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New poll shows public opinion split on Trident Watch

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    (Original post by Drewski)
    Yes it is, to a certain type of warfare .

    You're acting as though because it won't deter a certain type of warfare it is then entirely redundant.

    Will it deter then main threats we're facing now? Probably not. Are those threats going to be the same in 30+ years? You can't possibly know. Neither can anyone else. So while you don't know, you retain your insurance policy.
    Insurance always has to be at a realistic price for the risk. Your house might get wiped out by an asteroid and a policy costing 10p that guaranteed protection for 30 years and given that it is a very, very remote risk, that might be a good deal. If the quote was 500 quid, you would hesitate.

    The current risk of an all out nuclear retaliation being needed appears slight, so on a simple risk analysis, paying 50bn plus to insure that seems steep. I won't repeat the 30 years bit, as there is a high chance that the purchased system will become obsolete well before then.

    The proposed insurance is also very strange, as it is a most unusual type of insurance that actually by purchasing, somewhat increases the risk of the insured incident taking place. We know enough about national nuclear defence systems to suspect that they are accident prone and there is enough history of the cold war to show that nuclear stand offs are highly prone to human misunderstandings and bad decisions. Then there is the huge annual cost of trying to keep up with the suspected enemy systems and of course they are simultaneously engaged in similar struggles.

    Then we have the fact that our alleged best friends, the US, have already fully insured us against this remote possibility, albeit, we have no guarantee they will always be our friends, although if we are nervous about that, it's quite hard to understand then why the policy relies totally on them supplying the technology either way.

    Finally, all this is happening against a background where the national finances are so dire that the NHS is about to sack thousands of nurses, we cannot afford social care for the elderly and sick and we have cut the conventional military to the bone.

    A rational person might conclude that these facts indicate that there must be a narrow clique of self interested people, like weapons manufacturers, who have succeeded in controlling and manipulating politicians and civil servants to push for this, because it makes no sense at all that we are doing it, unless something like that is happening.

    When you read back into the history, the decisions about our nuclear weapons were generally taken in secret and the public were told many lies. Looks like the latter is still going on.
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    We should keep it incase Donald Trump becomes president of the USA, he doesn't know what the nuclear triad is and will probably bomb Agrabah.

    In all seriousness though, we don't need nuclear weaponry, but some defense is completely necessary in a world riddled with terror. We shouldn't waste money on things like this that can go to education or the economy, it has the capability to destroy the lives of hundreds of thousands of (mostly) innocent people.
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    (Original post by Sephiroth)
    Next he'll be advocating sending our troops into battle without bullets.
    To be fair, I bet Corbyn touches himself at night at the thought of thousands of British troops without weapons running into Kalashnikov gunfire from an Islamist/Soviet Red Army/IRA tag team.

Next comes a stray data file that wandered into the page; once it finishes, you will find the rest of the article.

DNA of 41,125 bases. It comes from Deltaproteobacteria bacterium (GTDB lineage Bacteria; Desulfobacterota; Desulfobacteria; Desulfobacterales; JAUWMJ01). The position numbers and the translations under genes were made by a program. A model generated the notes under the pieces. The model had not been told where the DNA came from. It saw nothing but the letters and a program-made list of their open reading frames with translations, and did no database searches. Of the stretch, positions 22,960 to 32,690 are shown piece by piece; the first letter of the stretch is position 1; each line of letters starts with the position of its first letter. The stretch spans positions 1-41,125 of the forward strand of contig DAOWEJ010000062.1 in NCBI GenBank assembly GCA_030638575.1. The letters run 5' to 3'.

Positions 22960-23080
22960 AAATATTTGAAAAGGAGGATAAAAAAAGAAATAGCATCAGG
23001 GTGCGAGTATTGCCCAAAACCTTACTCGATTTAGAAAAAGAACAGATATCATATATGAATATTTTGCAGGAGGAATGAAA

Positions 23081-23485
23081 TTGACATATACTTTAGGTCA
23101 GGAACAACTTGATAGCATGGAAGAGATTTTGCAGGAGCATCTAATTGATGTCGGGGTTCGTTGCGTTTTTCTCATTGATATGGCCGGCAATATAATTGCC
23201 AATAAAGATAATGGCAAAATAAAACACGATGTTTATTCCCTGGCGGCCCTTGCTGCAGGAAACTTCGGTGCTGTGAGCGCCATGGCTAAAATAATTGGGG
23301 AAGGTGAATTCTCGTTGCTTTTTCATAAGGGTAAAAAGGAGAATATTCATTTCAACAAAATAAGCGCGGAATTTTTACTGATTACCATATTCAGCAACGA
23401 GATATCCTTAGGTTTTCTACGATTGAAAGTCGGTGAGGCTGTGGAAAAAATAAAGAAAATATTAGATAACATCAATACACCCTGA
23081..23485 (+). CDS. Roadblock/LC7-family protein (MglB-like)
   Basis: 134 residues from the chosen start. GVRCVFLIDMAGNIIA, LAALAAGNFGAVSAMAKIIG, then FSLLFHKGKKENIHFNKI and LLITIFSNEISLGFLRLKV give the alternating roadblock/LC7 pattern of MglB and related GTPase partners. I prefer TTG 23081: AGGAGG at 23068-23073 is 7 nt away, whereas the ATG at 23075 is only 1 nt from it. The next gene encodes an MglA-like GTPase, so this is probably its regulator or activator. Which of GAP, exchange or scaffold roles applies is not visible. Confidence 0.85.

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    (Original post by viddy9)
    A new survey of public opinion on Trident has found that 51% of the public are in favour of fully renewing it, but that 49% either support Corbyn's hypothetical compromise plan with the unions ("no-nuke subs" or full disarmament.

    This suggests that public opinion isn't as clear-cut as the media are making it out to be, and it's also worth noting that if Corbyn did adopt the compromise position, it is unlikely to damage is standing amongst unilateral disarmers: the 'left-wing' disarmers will still vote for him and the 'right-wing' disarmers wouldn't have voted for him anyway.

    Channel 4 fact-check also says: "Over the long term, there is some evidence of public opinion shifting away from replacing Trident with a like-for-like system, especially if people are told about the likely cost."

    So, there's still room for manoeuvre for Jeremy Corbyn on this issue.
    Carrying out a poll at a Green party rally doesn't count as impartial
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    (Original post by KimKallstrom)
    To be fair, I bet Corbyn touches himself at night at the thought of thousands of British troops without weapons running into Kalashnikov gunfire from an Islamist/Soviet Red Army/IRA tag team.
    I think it's more likely that the people behind our misguided policy to keep nuclear weapons are letting their paranoid delusions about a joint Russian-ISIS-Argentinian-IRA-French?-German?-Migrant? invasion get in the way of clear, rational thinking.
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    (Original post by KimKallstrom)
    To be fair, I bet Corbyn touches himself at night at the thought of thousands of British troops without weapons running into Kalashnikov gunfire from an Islamist/Soviet Red Army/IRA tag team.
    I bet you think about that image a lot.
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    (Original post by Drewski)
    The first duty of a Government is the safety of its people. Simple as that. If the people aren't safe there's not much point in them then trying to fix the social ills.
    What's the point of 'protecting' people with nuclear weapons if they are currently vulnerable and don't have a decent standard of living?? Fixing social problems is a type of protection, surely?
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    (Original post by Fullofsurprises)